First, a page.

proportions of variious chemicals you recommended for my lawn

Asked April 7, 2020, 3:18 PM EDT

I did a soil sample test and have the results but dopnt know exactly what amounts I put in my brodcast spreaded. Please help.

Ramsey County Minnesota

8 Responses

Your soil test results should indicate the fertilizer analysis recommended based on your test results for P (phosphate) and K (potash). N (nitrogen) is always recommended because it is a mobile nutrient and moves through soil, making replenishing necessary. MN soils are typically high in P and it's likely your middle number (P) is 0.

You'll want to purchase a fertilizer that matches or comes close to the recommended NPK on your test results. Because N is mobile, it takes priority of the P and K, and you'll want to buy a fertilizer that matches your recommended N as closely as possible. For example, if the test results indicate you need 20-0-8 (20% N, 0% P and 8% K) and your local store has a choice of 10-0-8 or 15-0-10, it would be better to buy the 15-0-10 because it more closely matches the recommend 20-0-8.

If you go to the Soil Test Lab website, you'll find a good explanation:

Here are a couple resources including how to calibrate your spreader.
Calibrating your fertilizer spreader from U of New Hampshire

Fertilizing Lawns

Some more lawn care resources:
Essential tips to a healthy lawn Part 1
Essential tips to a healthy lawn Part II

If you have follow up questions, you are welcome to reply to this response.

Results were as follows: Phosphorus = 6, Potassium= 99, Ph= 7.8, Organic matter=5.4. I have purchased a 12 lb. bag of Scott's 21-22-4, a 12lb bag of Scotts 32-0-4 and a 4lb bag of Muriate of Potash 0-0-60. I believe this should cover all my needs. I'm covering about 5,000 sq/ft. Id like to make a single pass in my broadcast spreader with all three ingrediencies in the hopper. If I use say, a 12 oz measuring cup, to add the ingrediences. what proportions should I use to make my batch?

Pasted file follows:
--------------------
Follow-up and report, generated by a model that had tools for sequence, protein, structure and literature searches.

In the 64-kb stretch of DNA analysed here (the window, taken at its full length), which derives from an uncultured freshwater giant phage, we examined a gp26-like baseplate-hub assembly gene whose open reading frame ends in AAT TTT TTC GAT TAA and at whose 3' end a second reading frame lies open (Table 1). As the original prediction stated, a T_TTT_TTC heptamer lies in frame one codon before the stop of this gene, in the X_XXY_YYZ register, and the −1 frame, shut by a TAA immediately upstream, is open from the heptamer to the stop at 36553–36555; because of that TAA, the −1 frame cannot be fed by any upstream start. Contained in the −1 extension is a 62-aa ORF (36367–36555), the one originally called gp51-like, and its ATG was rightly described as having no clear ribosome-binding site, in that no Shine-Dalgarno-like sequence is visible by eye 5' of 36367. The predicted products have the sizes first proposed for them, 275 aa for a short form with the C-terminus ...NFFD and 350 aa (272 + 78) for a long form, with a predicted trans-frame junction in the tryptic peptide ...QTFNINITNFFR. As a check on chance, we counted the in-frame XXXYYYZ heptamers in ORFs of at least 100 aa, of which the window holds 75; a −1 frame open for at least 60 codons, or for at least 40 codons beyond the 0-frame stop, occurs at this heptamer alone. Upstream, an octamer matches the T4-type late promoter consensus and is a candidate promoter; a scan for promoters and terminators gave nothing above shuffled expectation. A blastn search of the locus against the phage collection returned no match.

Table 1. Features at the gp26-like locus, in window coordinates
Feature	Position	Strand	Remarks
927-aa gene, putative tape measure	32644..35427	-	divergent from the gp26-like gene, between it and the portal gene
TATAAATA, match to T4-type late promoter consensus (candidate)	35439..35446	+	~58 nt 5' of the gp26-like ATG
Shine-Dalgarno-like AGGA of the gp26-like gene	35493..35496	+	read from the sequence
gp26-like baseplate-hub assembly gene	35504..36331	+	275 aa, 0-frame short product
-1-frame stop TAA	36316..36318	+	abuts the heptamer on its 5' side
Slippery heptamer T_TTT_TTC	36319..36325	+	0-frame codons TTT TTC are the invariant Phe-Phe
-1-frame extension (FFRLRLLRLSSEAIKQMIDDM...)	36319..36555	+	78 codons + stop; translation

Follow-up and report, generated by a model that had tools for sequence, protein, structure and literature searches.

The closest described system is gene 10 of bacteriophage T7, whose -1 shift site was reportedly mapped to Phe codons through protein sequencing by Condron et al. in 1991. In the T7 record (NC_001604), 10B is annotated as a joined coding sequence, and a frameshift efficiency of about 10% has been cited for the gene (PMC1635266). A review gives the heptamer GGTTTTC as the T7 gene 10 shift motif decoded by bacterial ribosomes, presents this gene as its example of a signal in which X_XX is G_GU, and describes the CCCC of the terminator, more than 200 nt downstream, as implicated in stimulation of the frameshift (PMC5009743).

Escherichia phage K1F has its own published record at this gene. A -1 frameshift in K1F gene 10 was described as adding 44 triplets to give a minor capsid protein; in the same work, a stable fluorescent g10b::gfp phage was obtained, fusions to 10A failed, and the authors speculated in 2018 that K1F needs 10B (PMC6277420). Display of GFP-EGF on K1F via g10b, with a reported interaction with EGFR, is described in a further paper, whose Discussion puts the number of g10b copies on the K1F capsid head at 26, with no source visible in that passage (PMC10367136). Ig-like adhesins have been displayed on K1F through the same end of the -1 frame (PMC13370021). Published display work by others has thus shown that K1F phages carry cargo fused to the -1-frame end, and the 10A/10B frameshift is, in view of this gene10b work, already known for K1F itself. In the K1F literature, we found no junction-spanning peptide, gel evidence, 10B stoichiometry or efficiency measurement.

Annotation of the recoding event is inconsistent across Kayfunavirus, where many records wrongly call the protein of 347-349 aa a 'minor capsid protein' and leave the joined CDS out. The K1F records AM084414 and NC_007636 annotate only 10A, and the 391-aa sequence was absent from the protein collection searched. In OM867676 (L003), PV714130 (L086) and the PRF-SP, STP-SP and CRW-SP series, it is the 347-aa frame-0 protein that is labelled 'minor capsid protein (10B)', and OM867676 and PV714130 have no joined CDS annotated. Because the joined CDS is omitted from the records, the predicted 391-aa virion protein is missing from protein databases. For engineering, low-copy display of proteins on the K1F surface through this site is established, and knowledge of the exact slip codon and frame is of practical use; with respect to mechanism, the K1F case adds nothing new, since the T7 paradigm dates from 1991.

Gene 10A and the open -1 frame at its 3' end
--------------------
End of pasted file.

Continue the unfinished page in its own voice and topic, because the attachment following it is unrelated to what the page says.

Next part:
Thank you!

What was the recommended fertilizer analysis from the soil test lab?

Lime -0, Nitrogen- 2 lbs per 1,000 sq/ft, Phos - 1 LBS/1000 sq/ft, Potash 2Lbs/1000 sq/ft, and proportions of the nutrients 20-10-20

I am surprised you need any P - most MN soils are naturally high in P.

If you are using a Scott's spreader, the bag should give you guidelines on the correct settings for your equipment.

Of the 3 products you purchased, the Scott's 21-22-4 is the best match to the recommended NPK analysis of 20-10-20. Of your 12 lb bag of 21-22-4, you'll need 10 lbs to cover 5000 sq ft (2 lbs N / 1000 sq ft = 10 lbs N / 5000 sq ft). As I mentioned before, you want to get as close to the recommendations for N first as it is a mobile nutrient and thus needs to be replenished.

You'll need to supplement with some of the muriate of potash as your Scott's product is only 4% potash and the recommendation is 20%. You'll want to add about 1 lb of your 4 lb bag to the 10 lbs of 21-22-4. This will bring you up to 20% potash (4lbs / 60 % = 1.07 lbs / 16; 16% is the remaining amount needed to bring your potash up to the recommended 20%)

As for the other Scott's product, I would see if you could exchange it for more of the 21-22-4. With each application, use 10 lbs of the 21-22-4 + 1 lb of the potash. Your potash will last the season, but you'll need more of the 21-22-4.

Thank you for your help.
I do need to make a correction though. The Scotts bag weighs 21 lbs. I made a mistake in my typing. Will this effect my ratios.
Bag states—- 21 lbs will cover 5000 square feet . Sorry for the mistake

No problem.

Based on the soil test recommendations though, I believe 10 lbs would be sufficient to cover 5000 sq ft at 2 lbs N / 1000 sq ft. Without looking at the bag, I'm not sure. You could mix batches of 10 lbs of 21-22-04 + the 1 lb of K, set your calibration on your spreader and apply. You can always add another batch and apply (you likely will have to anyway due to how much your spreader holds).

Thanks again!